Art supplies, a cool thumb-drive, and a new backpack are nothing short of thrilling in my household. We love preparing for school. And like a lot of parents, I assumed for years that success in school would be a safe route to happiness in life.
But a new study , which followed nearly 1,000 people over 32 years, makes it abundantly clear that preparing kids for academic success does not necessarily lead to happiness. You know what does predict happiness in adulthood, according to the study? Friendship. When kids have a lot of friends in childhood and adolescence, they tend to grow up to be happy adults.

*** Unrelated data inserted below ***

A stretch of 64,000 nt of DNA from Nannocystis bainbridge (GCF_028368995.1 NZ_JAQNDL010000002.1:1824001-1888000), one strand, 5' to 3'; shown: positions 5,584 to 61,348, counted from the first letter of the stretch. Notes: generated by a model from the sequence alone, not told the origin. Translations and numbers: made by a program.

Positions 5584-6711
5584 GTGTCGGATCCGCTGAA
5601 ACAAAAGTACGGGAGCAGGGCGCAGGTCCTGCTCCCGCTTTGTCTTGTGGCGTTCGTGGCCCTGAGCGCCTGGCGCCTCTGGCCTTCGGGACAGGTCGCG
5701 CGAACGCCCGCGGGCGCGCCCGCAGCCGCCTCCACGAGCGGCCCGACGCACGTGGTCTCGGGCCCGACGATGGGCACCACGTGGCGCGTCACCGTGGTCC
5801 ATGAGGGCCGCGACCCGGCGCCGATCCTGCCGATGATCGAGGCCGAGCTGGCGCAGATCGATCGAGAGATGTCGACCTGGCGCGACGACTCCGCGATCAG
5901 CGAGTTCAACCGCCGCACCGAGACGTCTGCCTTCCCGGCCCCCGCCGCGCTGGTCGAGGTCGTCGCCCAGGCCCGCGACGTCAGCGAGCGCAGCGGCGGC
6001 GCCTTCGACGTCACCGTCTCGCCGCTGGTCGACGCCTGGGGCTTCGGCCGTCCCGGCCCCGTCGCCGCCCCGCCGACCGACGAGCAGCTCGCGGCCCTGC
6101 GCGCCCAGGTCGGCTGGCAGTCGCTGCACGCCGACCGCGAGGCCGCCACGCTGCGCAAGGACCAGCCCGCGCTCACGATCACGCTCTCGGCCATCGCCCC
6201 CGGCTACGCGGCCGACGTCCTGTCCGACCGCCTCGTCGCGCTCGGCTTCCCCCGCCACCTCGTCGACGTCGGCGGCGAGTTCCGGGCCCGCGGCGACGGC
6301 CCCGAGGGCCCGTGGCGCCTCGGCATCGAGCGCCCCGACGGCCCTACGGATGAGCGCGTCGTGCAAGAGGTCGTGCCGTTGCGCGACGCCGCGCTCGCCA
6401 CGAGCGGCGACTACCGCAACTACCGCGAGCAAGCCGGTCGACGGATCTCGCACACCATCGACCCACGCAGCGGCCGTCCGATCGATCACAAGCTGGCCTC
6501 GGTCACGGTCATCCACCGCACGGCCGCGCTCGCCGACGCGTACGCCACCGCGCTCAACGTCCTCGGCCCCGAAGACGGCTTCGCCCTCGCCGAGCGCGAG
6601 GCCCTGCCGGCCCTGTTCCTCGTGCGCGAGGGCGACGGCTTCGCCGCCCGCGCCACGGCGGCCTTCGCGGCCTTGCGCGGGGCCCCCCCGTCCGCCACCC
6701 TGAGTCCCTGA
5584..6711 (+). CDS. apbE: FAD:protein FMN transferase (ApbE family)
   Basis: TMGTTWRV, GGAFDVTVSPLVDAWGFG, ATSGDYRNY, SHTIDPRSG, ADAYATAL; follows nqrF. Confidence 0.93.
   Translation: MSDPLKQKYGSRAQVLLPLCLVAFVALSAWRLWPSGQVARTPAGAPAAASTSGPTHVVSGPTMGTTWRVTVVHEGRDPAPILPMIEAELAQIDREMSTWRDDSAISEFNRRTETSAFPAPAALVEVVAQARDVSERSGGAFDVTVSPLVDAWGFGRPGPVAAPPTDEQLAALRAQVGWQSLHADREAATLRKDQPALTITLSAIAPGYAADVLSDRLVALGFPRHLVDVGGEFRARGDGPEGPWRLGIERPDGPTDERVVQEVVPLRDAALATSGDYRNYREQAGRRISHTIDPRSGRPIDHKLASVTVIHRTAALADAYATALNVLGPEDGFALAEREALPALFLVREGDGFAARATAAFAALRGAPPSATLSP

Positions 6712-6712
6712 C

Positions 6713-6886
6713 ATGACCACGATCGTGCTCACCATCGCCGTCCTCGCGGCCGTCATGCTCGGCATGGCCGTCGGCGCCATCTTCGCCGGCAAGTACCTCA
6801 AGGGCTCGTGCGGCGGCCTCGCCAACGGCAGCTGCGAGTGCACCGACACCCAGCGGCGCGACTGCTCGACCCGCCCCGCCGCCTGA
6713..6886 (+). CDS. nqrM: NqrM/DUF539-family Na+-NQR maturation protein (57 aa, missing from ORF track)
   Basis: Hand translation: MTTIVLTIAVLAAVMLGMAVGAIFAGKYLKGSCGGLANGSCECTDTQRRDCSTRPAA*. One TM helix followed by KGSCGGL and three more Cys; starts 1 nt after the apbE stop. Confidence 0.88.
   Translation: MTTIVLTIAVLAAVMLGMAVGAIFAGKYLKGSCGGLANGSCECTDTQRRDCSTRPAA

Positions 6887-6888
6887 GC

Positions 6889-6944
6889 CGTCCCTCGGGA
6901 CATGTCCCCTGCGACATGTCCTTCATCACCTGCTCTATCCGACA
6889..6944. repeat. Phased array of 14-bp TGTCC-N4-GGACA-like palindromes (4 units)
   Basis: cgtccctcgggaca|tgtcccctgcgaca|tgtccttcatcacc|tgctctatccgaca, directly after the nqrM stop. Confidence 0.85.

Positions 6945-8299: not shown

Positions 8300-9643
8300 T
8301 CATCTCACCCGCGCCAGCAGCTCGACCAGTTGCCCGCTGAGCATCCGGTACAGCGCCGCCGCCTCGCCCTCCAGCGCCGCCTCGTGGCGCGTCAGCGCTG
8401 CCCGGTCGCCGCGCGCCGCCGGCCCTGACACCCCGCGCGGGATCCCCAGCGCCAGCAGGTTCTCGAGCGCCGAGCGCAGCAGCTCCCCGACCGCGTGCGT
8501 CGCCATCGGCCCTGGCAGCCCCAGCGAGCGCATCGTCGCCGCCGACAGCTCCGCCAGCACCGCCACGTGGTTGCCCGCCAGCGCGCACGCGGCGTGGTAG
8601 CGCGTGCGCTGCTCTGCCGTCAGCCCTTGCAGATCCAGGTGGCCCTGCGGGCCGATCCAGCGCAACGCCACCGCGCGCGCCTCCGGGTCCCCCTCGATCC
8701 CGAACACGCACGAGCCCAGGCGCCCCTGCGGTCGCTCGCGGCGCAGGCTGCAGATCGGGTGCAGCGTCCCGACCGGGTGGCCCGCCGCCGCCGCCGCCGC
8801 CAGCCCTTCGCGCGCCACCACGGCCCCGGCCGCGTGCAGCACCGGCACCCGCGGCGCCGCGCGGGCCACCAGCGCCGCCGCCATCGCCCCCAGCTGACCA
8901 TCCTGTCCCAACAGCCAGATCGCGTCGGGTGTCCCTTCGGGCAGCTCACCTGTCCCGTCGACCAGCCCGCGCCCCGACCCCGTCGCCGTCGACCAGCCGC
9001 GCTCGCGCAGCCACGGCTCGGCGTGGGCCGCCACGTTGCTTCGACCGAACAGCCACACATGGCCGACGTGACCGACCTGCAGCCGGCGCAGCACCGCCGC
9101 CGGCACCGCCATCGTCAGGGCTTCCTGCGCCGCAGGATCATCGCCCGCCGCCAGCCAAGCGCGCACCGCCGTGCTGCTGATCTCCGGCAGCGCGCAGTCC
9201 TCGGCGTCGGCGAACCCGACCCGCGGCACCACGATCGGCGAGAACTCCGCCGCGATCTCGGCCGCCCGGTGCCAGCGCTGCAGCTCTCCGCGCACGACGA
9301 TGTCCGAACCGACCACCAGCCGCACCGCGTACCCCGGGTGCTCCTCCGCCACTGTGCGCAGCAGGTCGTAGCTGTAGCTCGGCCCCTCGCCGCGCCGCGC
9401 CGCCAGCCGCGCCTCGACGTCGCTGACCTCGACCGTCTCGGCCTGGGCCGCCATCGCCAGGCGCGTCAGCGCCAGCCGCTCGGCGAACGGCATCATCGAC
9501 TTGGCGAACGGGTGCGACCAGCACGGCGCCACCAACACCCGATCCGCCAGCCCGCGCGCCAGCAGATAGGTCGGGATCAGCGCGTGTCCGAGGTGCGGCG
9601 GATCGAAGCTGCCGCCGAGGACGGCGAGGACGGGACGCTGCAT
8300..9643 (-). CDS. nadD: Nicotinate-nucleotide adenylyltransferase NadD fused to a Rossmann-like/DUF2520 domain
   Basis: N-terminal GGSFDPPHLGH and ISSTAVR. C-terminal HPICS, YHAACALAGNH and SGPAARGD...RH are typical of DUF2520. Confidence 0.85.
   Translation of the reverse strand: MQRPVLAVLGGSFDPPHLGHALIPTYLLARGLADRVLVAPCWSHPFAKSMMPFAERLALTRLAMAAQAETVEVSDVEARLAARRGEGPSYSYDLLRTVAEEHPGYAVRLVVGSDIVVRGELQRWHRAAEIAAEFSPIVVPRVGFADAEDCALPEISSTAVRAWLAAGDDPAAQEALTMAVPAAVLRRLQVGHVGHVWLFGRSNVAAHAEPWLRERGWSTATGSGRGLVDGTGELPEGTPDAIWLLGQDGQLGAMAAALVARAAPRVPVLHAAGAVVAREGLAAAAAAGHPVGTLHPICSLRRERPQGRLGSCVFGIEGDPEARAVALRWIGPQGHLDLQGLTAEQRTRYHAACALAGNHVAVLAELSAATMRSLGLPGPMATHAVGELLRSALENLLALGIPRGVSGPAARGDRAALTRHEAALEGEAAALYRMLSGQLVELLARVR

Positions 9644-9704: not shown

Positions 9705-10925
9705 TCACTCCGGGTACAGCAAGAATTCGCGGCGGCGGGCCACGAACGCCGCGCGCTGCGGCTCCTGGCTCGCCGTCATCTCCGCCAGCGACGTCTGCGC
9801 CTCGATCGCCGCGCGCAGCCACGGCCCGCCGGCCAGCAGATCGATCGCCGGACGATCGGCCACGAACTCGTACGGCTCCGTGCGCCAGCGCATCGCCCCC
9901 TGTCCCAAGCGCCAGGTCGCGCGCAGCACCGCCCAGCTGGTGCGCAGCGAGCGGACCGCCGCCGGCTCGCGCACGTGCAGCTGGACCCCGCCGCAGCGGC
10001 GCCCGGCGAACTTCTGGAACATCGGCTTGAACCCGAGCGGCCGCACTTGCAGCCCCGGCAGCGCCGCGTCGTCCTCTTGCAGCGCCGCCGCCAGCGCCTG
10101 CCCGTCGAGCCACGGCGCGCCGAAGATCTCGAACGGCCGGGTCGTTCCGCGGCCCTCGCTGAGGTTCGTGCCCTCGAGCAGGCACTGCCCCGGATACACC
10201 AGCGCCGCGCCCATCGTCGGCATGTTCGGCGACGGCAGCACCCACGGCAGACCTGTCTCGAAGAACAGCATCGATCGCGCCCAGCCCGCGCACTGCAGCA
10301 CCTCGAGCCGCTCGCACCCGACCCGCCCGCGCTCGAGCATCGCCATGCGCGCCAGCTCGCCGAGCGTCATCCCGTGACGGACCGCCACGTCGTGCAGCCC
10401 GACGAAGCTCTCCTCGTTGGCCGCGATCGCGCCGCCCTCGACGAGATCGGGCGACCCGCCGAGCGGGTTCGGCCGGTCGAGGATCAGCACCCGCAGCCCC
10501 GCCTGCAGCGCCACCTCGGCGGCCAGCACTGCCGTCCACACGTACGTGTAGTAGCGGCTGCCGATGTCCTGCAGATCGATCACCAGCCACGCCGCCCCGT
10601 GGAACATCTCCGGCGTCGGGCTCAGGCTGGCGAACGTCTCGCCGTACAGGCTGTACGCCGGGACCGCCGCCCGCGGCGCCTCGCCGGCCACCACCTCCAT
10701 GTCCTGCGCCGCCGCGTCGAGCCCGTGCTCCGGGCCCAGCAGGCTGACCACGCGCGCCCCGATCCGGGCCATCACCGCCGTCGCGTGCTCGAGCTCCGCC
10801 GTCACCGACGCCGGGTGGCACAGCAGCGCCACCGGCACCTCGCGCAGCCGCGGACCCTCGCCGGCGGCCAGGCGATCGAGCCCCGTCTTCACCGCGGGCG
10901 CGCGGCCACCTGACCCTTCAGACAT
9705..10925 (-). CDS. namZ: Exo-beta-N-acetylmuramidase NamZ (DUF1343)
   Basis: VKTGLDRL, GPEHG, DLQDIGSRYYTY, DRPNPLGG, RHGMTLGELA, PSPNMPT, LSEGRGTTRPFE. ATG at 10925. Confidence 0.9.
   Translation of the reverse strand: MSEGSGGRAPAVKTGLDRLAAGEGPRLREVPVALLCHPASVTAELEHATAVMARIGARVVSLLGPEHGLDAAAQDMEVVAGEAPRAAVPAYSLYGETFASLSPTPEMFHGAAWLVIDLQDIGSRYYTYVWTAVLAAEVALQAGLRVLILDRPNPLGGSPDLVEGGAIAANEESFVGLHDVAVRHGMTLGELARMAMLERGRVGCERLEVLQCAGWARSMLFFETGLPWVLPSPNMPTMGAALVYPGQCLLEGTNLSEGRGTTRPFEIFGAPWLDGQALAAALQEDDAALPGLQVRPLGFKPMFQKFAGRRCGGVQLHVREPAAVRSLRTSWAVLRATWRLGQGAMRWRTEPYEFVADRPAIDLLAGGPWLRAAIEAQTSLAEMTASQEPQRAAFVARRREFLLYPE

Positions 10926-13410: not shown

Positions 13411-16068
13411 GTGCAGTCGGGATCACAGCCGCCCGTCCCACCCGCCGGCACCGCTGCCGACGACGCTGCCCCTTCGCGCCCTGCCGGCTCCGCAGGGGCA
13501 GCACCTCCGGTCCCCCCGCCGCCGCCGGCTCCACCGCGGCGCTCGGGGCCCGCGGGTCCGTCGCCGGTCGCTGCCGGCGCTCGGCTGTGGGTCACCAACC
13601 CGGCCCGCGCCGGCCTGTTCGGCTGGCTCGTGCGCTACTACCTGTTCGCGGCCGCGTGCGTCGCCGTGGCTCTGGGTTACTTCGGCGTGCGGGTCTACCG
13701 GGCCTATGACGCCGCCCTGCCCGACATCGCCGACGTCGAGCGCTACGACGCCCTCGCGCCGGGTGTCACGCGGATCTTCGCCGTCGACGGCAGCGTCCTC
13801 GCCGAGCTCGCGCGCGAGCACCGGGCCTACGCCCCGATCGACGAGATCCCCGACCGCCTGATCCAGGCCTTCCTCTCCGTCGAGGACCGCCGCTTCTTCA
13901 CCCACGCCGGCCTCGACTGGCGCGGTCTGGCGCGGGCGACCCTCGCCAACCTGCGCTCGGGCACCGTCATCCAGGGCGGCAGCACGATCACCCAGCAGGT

I’m not suggesting we should stop helping our kids with their homework, or that we should casually send them to school unprepared to learn. Obviously not. But this study reinforces the most important thing we’ve learned about happiness in the last 100 years, across academic disciplines the world over: Our happiness is best predicted by the breadth and the depth of our relationships with others.
All of this is to say that there are a few back-to-school “supplies” our kids need that are not usually on the lists schools send home. They need tools to build social intelligence.
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